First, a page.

On cross-examination, Tozzi admitted that hip replacement surgery is sometimes performed to treat osteoarthritis even on patients who have not suffered a traumatic event. Asked if it was "possible that Mr. Benbrook would have eventually needed a total hip arthroplasty even without the July 12, 2002 incident occurring," Tozzi responded that "[i]t is my opinion that . . . there is a probability that he would have needed it." He further testified that there was "no way for one to predict when" Benbrook would have needed the surgery if he had not had the traumatic incident.

The State presented videotaped testimony from Dr. Irving Strouse, an orthopedic surgeon, who examined Benbrook on March 7, 2006, to determine if he was disabled and if so, whether he was disabled by an accident. Benbrook told Dr. Strouse that he had undergone hip replacement and spinal fusion surgeries.*fn3

Based on his review of x-rays and medical records, Strouse agreed with Tozzi that Benbrook had "pre-existing severe arthritis in his hip." He testified that the arthritis was caused by the insertion of the pins when Benbrook was a teenager. According to Strouse, spinal X-rays also showed that Benbrook had pre-existing conditions in the form of "spondylolisthesis" or "slippage of one vertebrae on another" and "severe degenerative disc disease at L5-S1." MRI's also had revealed some protruding spinal discs, and Strouse diagnosed "nerve compression in the spine."

While Strouse agreed that Benbrook was totally and permanently disabled, he testified that the disability comes from both his hips, which were severely degenerated, and his lumbar spine which had a severe degenerative condition, plus, his subsequent surgery, he had a right hip replacement, he had spinal fusion.

Strouse further opined that while the 2002 injury aggravated the pre-existing condition, "the aggravation was temporary" and "the need for those surgical procedures was . . . due to the pre-existing degenerative conditions." He specifically testified that the hip surgery was not necessitated by the 2002 incident but by the underlying degenerative arthritis. On cross-examination, Strouse repeated that within a reasonable medical probability, Benbrook's police career would have ended early due to his underlying degenerative conditions, regardless of the July 2002 injury.

The ALJ credited Benbrook's testimony that, prior to the 2002 incident, he had been able to work and play sports without any problems with his hip or back. In his findings of fact, the ALJ recited the experts' testimony, but did not specifically indicate which medical expert he found more credible. However, in his conclusions of law, the ALJ concluded that, because (other than the childhood surgery) Benbrook had no prior problems with his hip or spine before the incident, there was "no basis for suggesting . . . that the underlying condition was so significant as to lead to a reasonable conclusion that his disability would have occurred anyway without the accident." The ALJ therefore concluded that "the traumatic event was the 'essential significant or substantial contributing cause' of the permanent and total disability."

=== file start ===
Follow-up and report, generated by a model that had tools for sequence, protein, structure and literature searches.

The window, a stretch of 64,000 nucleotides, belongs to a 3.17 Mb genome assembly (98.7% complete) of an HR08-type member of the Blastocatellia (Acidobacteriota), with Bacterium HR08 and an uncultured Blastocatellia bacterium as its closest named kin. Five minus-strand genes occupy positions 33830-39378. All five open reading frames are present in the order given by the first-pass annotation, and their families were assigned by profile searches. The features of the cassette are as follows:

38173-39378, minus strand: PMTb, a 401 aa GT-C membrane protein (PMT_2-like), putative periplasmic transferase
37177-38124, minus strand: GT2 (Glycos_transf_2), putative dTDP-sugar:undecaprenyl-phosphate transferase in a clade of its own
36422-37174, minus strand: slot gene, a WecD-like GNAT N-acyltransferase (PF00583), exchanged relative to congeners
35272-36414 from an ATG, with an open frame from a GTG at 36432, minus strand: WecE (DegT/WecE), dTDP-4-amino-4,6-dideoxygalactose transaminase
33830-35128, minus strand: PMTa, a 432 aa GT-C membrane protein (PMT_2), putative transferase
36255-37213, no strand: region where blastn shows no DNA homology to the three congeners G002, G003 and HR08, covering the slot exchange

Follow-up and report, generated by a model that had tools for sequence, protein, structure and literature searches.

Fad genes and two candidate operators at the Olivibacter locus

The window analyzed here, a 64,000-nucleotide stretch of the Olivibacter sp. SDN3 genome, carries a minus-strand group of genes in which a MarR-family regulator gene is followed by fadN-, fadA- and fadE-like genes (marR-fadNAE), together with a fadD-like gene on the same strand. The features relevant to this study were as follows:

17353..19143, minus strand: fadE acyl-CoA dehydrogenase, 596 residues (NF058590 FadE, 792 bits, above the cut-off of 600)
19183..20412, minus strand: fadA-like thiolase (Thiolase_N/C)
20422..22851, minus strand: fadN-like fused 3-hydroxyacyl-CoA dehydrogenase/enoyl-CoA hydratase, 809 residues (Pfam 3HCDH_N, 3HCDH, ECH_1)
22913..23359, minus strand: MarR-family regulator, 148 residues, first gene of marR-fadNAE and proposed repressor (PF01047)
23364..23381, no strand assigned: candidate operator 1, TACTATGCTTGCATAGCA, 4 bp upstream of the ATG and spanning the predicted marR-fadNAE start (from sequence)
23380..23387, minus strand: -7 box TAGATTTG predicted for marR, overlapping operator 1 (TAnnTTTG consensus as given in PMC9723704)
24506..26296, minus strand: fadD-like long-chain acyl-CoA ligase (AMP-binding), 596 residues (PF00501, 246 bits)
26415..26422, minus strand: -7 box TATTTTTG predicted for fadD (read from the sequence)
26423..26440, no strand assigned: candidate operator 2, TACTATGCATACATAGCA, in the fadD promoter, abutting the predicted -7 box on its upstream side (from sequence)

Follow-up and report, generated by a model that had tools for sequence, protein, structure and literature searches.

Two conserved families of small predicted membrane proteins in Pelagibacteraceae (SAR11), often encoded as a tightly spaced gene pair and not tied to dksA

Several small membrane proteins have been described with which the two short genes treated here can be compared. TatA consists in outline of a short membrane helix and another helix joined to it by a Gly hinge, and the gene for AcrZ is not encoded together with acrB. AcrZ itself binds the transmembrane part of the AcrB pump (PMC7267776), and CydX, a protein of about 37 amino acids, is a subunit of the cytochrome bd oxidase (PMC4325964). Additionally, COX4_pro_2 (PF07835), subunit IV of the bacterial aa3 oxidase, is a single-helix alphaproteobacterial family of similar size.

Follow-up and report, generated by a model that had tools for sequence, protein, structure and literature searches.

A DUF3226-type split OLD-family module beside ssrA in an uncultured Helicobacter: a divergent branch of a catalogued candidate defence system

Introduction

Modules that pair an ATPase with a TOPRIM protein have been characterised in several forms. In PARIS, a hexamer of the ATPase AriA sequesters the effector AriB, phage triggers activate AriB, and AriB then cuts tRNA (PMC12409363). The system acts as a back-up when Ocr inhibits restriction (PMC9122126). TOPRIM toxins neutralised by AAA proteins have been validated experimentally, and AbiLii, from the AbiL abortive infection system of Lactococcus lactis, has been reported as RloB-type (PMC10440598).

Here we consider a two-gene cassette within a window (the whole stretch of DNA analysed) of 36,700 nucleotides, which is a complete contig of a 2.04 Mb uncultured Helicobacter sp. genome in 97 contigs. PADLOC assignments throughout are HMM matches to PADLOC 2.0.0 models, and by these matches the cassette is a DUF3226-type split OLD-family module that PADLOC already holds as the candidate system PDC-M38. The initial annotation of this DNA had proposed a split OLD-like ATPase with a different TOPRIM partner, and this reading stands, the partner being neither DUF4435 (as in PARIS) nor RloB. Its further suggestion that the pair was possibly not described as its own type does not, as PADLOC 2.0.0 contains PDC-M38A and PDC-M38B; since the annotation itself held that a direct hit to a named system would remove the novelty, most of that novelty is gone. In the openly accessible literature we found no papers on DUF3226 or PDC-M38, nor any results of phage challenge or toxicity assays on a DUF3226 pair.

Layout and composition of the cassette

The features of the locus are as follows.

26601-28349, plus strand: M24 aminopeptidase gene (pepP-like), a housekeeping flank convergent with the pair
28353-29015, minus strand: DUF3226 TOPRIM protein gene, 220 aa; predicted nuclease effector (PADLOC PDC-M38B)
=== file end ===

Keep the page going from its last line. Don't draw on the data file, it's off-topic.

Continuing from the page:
In its final decision, the Board accepted the ALJ's findings of fact but rejected his legal conclusions that the incident was a traumatic event and was the substantial contributing case of Benbrook's disability. Relying on language in Richardson v. Bd. of Trs., 192 N.J. 189, 213 (2007), the Board concluded that the July 2002 incident was not a "traumatic event" because "his disability was the result of a pre-existing disease that was merely aggravated by his work."

The Board also determined that the ALJ's conclusion that the 2002 event was "the essential significant or substantial contributing cause of his disability" was not supported by the record. In other words, the disability was not a "direct result" of the incident. The Board primarily relied on Gerba v. Bd. of Trs., 83 N.J. 174, 189 (1980), and on its reading of Richardson as excluding "pre-existing conditions that result, or combine to cause, a disability."

Most importantly, however, the Board found that Benbrook had not presented expert testimony in order to satisfy his burden of proof on the causation issue. The Board found that Tozzi was not presented as an expert witness and had not opined that the incident was "the essential significant or substantial contributing cause" of the disability. Further Tozzi had conceded "that there was a probability that . . . Benbrook would have needed a total right hip arthroplasty even without the July 12, 2002 incident." The Board also relied on Strouse's testimony that the surgeries were necessitated by the pre-existing conditions. Noting that the ALJ had made no credibility findings as to the experts, the Board found that his reliance on Benbrook's testimony alone was improper and contradicted the opinions of both experts that Benbrook probably would have eventually needed the hip surgery even without the incident.

II.

We will not overturn the agency's decision unless it was arbitrary, capricious or unreasonable or violated legislative policies expressed or implied in the act governing the agency. Campbell v. Dep't of Civil Serv., 39 N.J. 556, 562 (1963). An agency decision is considered arbitrary, capricious or unreasonable where it is not supported by substantial credible evidence in the record as a whole, is offensive to the federal or state constitution or is inconsistent with its statutory mission. Circus Liquors, Inc. v. Middletown Twp., 199 N.J. 1, 9-10 (2009). Substantial evidence constitutes "such evidence as a reasonable mind might accept as adequate to support a conclusion." In re Application of Hackensack Water Co., 41 N.J. Super. 408, 418 (App. Div. 1956). There is, however, a "particularly strong need for careful appellate review" where the agency's factual findings are contrary to those of the ALJ. In re Lalama, 343 N.J. Super. 560, 565 (App. Div. 1998). With these principles in mind, we first consider the applicable law concerning accidental disability.